“It Must be Absolutely Unique”: Hopi Silverwork

By Dave Lewis

Traditionally, the Hopi crafted necklaces, bracelets and other personal adornments from shell, stone and plant materials. Silver – scarce and expensive – was a late arrival on the Hopi mesas. In the 1890s a few Hopi artisans were taught to work with silver by their Navajo and Zuni neighbors. Early pieces were indistinguishable from Navajo or Zuni work.

As Southwest tourism increased after 1900, native craftspeople began creating items to sell. However, Hopi silversmiths had several disadvantages. They lived in remote areas; nothing about Hopi silverwork made a tourist seek it out over Navajo or Zuni work; the work quality wasn’t ideal; and cheap, imitation Indian jewelry flooded the markets.

Much changed beginning in 1926 with the arrival in Flagstaff of artist Mary-Russell Ferrell Colton and her educator husband Dr. Harold Colton. In 1928 they were among the founders of the Museum of Northern Arizona.

The Coltons took a keen interest in Hopi culture, art and craft. They encouraged talented artists and collected baskets, pottery and carvings. In 1930 the museum sponsored the first Hopi Craftsman Exhibit – the first Indian market in Arizona.

In 1935, with input from the Coltons and others committed to protecting and sustaining native crafts, the Indian Arts and Crafts Act was passed, creating the Indian Arts and Crafts Board (IACB) to work with native artists and establishing criminal penalties for misrepresentation of non-native products as Indian-made. (The Act was revised and strengthened in 1990, in response to a proliferation of fake “Indians” and fake “Indian” arts.)

By 1938 the Coltons turned their attention to Hopi silverwork. In a letter to the IACB, Mary-Russell wrote: “ . . . There is only one way to make Hopi silversmithing worthwhile . . . They must produce Hopi silver, not Navajo, Pueblo or Zuni. It must be absolutely unique . . .” Mrs. Colton stressed that Hopi work must be based on traditional, uniquely-Hopi designs from pottery, basketry, carvings and weavings. She gathered suitable designs and cultivated a group of Hopi silversmiths to help improve the design, quality and uniqueness in their work, urging each artist to create a unique maker’s mark to identify their creations.

Annual Hopi markets were held until World War II (many Hopi men served in the war – some as Code Talkers). After the war, an official of the IACB met with Hopi artist Fred Kabotie and silversmith Paul Saufkie to create an 18-month Veterans Silversmithing Program under the GI Bill. “In February of 1947, Kabotie and Saufkie began teaching classes with the mindset of making a true statement with Hopi jewelry. Kabotie . . . would teach design, and Saufkie would teach silverworking techniques. . .”  (Arthur Erickson, “Old Native Arts & Unusual Antiques.”)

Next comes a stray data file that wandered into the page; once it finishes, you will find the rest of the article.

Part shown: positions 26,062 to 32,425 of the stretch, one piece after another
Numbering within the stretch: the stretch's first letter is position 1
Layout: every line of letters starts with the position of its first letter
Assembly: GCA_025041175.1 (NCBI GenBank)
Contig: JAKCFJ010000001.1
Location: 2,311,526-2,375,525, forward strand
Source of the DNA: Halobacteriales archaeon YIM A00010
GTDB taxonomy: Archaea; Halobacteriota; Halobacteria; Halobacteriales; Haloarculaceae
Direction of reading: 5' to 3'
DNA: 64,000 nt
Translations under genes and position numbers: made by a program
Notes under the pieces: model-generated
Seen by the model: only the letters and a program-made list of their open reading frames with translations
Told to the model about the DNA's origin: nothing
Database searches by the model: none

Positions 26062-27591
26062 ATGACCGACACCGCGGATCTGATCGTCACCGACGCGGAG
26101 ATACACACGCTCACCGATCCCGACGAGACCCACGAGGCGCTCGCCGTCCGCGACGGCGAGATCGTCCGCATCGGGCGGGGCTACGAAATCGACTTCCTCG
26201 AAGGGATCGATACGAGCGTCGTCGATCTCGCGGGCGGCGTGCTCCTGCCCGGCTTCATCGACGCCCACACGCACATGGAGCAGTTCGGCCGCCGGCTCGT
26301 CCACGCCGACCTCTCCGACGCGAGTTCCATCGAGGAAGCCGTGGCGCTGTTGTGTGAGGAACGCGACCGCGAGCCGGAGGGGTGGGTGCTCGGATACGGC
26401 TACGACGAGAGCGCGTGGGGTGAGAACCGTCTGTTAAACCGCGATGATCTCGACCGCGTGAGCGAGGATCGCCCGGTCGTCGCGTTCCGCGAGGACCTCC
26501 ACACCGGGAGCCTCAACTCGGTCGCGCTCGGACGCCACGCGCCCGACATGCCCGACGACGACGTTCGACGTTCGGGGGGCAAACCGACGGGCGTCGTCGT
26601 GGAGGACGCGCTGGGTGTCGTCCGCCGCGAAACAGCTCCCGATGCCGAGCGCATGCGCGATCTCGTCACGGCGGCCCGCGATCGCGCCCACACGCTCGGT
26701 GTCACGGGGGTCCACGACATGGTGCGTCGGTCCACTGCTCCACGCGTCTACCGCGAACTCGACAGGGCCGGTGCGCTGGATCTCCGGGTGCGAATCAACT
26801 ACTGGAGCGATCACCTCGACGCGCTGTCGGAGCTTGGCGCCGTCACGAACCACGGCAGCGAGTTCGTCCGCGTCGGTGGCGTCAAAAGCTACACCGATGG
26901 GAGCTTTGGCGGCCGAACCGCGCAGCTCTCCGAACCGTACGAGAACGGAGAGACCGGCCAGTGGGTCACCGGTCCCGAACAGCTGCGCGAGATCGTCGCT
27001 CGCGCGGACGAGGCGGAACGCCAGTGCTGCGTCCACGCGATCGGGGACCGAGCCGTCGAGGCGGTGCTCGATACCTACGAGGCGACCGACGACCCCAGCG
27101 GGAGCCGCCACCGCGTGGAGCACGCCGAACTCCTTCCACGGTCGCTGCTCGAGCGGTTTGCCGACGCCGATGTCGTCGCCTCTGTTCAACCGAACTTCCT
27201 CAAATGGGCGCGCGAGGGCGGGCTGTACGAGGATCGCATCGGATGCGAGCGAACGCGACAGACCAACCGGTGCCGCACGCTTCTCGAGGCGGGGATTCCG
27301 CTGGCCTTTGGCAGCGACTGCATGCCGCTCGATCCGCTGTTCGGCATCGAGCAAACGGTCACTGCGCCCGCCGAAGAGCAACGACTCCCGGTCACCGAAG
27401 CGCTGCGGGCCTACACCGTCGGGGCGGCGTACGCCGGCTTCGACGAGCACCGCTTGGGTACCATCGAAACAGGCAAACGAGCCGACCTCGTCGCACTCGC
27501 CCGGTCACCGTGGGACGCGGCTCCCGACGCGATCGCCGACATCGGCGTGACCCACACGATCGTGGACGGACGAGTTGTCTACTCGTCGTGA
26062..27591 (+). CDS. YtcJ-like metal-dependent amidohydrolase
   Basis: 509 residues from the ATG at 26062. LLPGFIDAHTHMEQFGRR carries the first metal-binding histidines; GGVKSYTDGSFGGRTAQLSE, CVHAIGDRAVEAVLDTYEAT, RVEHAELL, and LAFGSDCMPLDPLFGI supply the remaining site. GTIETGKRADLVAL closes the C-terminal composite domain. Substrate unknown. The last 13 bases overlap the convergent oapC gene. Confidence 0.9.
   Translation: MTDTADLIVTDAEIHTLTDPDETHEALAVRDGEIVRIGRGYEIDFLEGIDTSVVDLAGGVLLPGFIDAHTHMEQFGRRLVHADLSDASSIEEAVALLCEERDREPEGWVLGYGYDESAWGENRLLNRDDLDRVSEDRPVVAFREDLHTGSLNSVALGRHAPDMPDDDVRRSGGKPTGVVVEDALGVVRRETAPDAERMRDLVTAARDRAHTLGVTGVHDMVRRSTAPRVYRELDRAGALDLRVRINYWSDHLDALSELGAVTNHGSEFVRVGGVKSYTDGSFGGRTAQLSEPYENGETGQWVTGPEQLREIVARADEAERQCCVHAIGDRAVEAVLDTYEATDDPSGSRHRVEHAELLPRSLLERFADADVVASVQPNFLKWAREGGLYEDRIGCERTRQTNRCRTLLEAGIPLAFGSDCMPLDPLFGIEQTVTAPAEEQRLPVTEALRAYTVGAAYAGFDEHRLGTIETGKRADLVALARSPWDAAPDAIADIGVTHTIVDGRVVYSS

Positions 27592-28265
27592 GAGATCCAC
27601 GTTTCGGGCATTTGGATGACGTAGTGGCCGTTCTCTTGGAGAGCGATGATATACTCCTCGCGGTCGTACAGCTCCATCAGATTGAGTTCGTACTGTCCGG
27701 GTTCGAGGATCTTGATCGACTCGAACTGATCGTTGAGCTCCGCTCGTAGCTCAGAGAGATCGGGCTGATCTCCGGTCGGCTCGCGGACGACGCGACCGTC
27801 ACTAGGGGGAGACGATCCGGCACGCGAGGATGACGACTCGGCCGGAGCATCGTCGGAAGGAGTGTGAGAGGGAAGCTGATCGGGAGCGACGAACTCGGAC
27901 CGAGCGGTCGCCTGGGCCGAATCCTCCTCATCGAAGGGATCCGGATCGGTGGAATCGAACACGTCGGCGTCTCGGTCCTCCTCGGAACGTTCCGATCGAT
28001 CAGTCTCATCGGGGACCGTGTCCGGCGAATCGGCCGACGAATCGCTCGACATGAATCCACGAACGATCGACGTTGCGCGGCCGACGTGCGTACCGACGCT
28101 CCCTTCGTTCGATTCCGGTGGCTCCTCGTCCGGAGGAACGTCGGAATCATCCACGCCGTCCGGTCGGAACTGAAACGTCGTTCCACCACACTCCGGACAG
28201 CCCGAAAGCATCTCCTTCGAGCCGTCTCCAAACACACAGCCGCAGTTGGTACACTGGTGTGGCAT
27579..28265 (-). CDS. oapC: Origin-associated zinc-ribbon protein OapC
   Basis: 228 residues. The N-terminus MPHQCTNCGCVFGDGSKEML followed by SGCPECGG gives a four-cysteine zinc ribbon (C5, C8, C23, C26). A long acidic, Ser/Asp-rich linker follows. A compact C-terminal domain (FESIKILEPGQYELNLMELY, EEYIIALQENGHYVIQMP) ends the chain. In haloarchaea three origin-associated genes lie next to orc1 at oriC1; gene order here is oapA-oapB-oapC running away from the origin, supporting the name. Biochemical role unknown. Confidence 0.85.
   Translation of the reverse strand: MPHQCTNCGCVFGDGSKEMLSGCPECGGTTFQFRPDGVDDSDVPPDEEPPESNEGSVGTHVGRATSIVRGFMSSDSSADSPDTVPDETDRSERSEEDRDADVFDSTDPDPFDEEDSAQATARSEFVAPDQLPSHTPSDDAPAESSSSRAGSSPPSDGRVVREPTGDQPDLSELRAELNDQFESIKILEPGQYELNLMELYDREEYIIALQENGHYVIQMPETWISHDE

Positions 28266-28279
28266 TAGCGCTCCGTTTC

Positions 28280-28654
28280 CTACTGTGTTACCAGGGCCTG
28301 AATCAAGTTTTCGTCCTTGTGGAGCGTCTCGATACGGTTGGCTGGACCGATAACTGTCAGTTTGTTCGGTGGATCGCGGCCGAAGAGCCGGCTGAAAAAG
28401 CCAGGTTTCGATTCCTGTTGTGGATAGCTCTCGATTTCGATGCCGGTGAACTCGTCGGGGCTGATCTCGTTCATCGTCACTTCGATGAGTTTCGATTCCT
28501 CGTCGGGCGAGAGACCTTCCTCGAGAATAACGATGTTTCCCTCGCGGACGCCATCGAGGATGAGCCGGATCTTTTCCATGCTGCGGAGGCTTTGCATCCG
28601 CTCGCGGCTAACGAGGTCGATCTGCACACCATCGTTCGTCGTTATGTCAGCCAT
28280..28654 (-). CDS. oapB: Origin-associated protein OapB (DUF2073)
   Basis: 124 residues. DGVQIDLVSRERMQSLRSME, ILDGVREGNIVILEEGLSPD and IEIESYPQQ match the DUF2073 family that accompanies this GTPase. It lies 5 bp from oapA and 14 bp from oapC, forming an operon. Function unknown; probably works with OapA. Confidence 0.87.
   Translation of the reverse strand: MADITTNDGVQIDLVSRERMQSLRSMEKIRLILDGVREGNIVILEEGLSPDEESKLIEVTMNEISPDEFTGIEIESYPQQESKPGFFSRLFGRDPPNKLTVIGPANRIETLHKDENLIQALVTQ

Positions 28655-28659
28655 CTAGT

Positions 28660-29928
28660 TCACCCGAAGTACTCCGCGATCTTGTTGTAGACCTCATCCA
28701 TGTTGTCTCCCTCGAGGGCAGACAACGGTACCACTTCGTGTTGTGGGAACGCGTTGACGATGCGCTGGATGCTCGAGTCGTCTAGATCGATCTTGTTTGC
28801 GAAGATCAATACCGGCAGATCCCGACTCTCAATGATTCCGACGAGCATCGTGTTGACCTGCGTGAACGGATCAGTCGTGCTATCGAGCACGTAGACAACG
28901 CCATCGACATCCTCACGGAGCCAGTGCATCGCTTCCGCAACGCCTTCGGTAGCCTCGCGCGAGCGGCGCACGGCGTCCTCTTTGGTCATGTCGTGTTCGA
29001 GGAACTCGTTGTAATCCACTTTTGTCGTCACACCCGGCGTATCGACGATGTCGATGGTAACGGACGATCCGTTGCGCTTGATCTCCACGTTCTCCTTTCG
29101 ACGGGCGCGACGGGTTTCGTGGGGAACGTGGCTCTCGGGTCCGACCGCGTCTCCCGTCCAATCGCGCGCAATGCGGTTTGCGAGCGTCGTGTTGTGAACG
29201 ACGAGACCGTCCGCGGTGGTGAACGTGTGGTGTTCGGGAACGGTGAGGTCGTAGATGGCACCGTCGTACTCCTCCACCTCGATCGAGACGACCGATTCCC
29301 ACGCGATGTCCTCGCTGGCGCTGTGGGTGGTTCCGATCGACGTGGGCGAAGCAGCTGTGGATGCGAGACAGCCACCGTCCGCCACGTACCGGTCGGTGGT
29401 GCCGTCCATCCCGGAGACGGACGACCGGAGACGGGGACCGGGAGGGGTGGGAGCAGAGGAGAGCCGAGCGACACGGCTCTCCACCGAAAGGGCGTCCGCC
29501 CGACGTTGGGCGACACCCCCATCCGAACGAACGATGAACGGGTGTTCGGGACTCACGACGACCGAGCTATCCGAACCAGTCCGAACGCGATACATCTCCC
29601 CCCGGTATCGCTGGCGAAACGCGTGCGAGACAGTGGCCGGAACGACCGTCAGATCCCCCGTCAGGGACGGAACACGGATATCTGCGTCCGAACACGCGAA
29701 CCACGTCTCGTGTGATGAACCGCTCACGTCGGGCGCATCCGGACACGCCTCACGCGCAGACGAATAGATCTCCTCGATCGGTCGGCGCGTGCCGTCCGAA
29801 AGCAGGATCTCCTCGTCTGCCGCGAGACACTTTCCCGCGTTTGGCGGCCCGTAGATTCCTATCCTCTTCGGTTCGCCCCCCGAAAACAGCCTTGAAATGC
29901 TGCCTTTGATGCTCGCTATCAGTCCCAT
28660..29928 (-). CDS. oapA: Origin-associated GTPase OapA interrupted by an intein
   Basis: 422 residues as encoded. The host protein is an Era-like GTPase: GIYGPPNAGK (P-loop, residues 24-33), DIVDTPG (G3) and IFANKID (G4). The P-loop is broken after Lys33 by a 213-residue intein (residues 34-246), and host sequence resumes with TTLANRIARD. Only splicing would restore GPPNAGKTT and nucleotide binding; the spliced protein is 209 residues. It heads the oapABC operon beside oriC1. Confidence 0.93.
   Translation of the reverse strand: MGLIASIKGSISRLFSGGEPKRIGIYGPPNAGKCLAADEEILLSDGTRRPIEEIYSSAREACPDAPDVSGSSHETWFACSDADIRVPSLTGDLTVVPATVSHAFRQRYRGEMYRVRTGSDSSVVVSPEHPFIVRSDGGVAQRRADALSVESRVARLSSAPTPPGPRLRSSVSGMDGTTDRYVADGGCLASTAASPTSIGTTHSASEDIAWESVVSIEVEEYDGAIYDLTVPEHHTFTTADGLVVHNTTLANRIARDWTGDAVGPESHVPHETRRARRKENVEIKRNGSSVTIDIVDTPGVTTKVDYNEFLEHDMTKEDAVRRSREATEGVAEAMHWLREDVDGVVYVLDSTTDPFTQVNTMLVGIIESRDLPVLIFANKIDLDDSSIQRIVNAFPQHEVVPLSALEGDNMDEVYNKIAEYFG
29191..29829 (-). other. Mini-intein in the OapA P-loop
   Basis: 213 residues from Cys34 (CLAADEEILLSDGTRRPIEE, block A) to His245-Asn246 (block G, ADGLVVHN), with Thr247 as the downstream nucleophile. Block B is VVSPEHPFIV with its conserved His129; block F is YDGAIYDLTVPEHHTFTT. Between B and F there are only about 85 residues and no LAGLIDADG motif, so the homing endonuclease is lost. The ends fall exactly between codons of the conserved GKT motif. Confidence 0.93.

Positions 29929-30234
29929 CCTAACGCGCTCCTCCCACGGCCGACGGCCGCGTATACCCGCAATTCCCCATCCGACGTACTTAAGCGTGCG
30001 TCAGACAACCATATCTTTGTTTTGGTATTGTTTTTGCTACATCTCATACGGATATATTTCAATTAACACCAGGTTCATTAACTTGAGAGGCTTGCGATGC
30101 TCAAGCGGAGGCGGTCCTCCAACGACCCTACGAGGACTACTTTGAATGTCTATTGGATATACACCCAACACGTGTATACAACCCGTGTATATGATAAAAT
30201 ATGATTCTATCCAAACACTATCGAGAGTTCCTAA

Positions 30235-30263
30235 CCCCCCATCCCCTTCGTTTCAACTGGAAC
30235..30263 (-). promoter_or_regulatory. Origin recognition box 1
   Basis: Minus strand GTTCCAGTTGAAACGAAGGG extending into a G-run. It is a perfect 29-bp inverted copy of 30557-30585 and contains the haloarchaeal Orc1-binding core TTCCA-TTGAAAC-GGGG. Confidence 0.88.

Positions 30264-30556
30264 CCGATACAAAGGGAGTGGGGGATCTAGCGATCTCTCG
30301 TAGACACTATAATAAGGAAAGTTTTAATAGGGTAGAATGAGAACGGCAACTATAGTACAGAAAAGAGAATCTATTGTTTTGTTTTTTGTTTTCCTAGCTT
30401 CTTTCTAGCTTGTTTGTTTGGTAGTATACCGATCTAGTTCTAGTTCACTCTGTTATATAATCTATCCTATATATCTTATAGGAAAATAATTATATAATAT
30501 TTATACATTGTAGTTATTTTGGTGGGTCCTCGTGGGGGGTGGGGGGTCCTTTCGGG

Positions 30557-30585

Fifteen silversmiths in that first class graduated in 1949. This program produced Mrs. Colton’s “absolutely unique” Hopi silverwork. The designs proved popular, with most pieces connecting to Hopi heritage and traditional symbolism. A new technique was developed – Hopi overlay.

The technique involves cutting a base layer from a sheet of silver, and then cutting an intricate design into a separate sheet of silver which is highly polished and soldered on top of the base layer. The artist might work some texture into the visible part of the base layer or oxidize it to darken it. The result is a striking design with a three-dimensional look. This work was first shown at the Hopi Craftsman Exhibit in 1949.

To learn more about Hopi silversmithing, see “The History and Hallmarks of Hopi Silversmithing” by Margaret Wright or visit the Prescott Indian Art Market, September 18-19, 2021 at the Sharlot Hall Museum, which will feature several outstanding Hopi silversmiths and Fred Kabotie’s grandson Ed, an artist and performer.

Facial coverings will be required.

“Days Past” is a collaborative project of the Sharlot Hall Museum and the Prescott Corral of Westerners International (www.prescottcorral.org). This and other Days Past articles are also available at archives.sharlothallmuseum.org/articles/days-past-articles/1. The public is encouraged to submit proposed articles and inquiries to dayspast@sharlothallmuseum.org. Please contact SHM Research Center reference desk at 928-445-3122 Ext. 2, or via email at archivesrequest@sharlothallmuseum.org for information or assistance with photo requests.

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